CFA Level III’s essay paper (more formally known as Constructed Response section) tends to be many candidates’ Achilles heel. We’ve also recently published a guide to accurately grading your essay practice questions.
However, there is a quick way to substantially improve your essay paper performance. Understanding the format and knowing how to answer essay questions is almost as important as knowing the actual CFA content, and a lot of candidates don’t stop to think about this enough.
Knowing this, we’ve delved deeper, drawn from our experience as charterholders, consulted the experts and put together a guide to answering CFA Level III essay questions. Read on!
- Read the question before its case information. Typical essay questions include significant amounts of ‘case information’, which is needed to answer the accompanying question parts. It might be tempting to dive straight into the case information, but don’t. Focus your attention on the questions right at the start. After reading and understanding the questions, then move onto the case information. This should provide you with a better sense of purpose and focus now that you know what you’re looking for. Finally, reread the question again before answering concisely – for more tips on answering essay questions, see the next section.
- Read and underline. Read the question quickly but actively, underlining key words. Underlining key words helps because you’ll need to refer to the question a few times, flipping back and forth between the case information and the question itself. CFAI have made this easier by bolding key command words (e.g. calculate, describe, explain etc.) in their questions to provide a guide.
- Short answers – no essays. Although everyone calls it an ‘essay’ question, do NOT answer in essay form – you’re wasting time. Legible, concise, straight to the point answers are essential to keep within the exam time limit. No long sentences or paragraphs needed – bullet points are fine. Keep your answers understandable, but know that answers are also not graded for language, grammar or style.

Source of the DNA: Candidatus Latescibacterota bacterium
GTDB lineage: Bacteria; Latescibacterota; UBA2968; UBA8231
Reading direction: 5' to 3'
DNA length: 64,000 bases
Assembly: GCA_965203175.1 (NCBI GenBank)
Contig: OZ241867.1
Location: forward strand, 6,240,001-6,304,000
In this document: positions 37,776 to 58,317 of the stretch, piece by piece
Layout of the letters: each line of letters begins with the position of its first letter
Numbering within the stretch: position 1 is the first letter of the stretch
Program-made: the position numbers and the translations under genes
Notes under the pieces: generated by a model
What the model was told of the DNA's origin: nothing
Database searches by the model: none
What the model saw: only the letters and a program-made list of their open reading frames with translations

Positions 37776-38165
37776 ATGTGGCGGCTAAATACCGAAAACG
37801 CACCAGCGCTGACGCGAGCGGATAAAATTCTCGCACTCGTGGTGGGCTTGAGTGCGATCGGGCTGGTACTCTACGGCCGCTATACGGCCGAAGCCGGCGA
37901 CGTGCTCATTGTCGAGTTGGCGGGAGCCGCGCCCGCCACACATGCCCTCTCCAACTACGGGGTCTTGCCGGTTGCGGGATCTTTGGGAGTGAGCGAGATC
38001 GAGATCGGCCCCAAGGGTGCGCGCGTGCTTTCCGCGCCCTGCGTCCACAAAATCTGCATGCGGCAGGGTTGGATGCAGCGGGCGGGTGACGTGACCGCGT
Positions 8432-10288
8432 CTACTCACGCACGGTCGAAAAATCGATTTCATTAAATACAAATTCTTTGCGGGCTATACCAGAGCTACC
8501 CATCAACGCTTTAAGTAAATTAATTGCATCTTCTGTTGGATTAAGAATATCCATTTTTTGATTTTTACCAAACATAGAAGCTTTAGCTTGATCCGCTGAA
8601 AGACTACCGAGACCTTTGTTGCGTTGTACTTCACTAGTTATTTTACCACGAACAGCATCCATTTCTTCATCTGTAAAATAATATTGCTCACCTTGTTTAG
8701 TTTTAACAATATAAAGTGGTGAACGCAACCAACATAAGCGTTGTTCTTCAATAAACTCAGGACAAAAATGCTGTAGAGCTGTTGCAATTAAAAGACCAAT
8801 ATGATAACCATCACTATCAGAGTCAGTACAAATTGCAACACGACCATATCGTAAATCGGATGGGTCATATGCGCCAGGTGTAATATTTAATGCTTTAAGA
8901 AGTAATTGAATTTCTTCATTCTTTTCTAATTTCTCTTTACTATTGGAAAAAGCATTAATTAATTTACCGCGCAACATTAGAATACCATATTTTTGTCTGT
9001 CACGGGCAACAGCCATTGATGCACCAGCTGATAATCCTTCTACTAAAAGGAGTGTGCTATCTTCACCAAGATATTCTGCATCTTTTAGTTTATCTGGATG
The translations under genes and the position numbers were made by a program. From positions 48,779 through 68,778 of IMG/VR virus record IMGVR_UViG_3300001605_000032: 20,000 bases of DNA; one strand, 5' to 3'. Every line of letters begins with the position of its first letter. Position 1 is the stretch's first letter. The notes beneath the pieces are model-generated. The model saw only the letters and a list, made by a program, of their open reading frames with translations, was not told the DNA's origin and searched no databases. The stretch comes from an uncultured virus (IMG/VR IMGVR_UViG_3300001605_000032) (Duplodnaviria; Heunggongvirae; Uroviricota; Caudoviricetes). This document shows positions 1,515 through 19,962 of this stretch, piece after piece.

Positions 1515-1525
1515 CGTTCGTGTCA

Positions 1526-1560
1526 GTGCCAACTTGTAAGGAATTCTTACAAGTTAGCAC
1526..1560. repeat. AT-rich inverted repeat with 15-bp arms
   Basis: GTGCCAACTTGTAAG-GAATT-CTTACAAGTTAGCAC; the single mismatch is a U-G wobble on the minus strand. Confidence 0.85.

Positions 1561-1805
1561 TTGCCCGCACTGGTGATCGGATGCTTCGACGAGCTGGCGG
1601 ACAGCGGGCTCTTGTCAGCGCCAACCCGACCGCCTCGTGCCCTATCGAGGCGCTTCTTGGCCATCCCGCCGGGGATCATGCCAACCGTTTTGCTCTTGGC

- Show all the calculations and formulae you can. For calculation answers, always show as many steps and formula as you can. This helps you get partial credit in case you make a mistake somewhere in your calculations.
- Know when to guess and move on. If you’re not sure of the answer, write your best guess down (don’t leave anything blank as there are no negative marking), leave some space after that (just in case you’ve time to get back to this and have a better idea), and move on. Don’t dwell on it and waste precious time.
- Make sure you answer questions on the correct page or template. Each question should have specific directions on where to answer that question. Make sure you get that right. Answering questions on the wrong page or template will get you zero points.
- Use pen instead of pencil. Write your answers with a pen – pencils tend to smudge and may cause you to fail if graders can’t read what you’ve written. Writing in ink when practicing also trains you to think before you write – a very good skill for the CFA exam (and your future career!).
- Abbreviate. Well known abbreviations can be used, especially when they’ve been used in CFA curriculum, e.g. PV for present value, arrows to indicate up or down (↑ or ↓) in answers are fine.
- Know how much time you should spend. Each question part in the CFA exam has its recommended allocated time indicated. One minute is indicated is equivalent to one point in the exam. This indication provides a great guide on how long to spend on reading and answering.
- Move on when you have to. There is rarely extra time in the essay session. Mark the time you’ve to move on at the start of each question. Do what you can and skip to the next section or question once time is up.
- Rule of thumb: You should be spending more than half the time reading, thinking, and deciding, and you should be spending less than half the assigned time in actually writing out the answers. Think first, then write!
Pulling all of the above together, this is how we recommend to approach each CFA essay question:
- Read all the question parts in the whole case.
- Read the question’s case information.
- Read the specific question part you want to answer.
- Answer concisely in the right page and template.
- Move onto the next question part when finished. If the allocated time is up and you’re still not done, write what you can and move on.
Are you facing your CFA Level III this exam cycle? Remember that we have a free practice exam for you that you can take now. If you have a question, let us know in the comments below!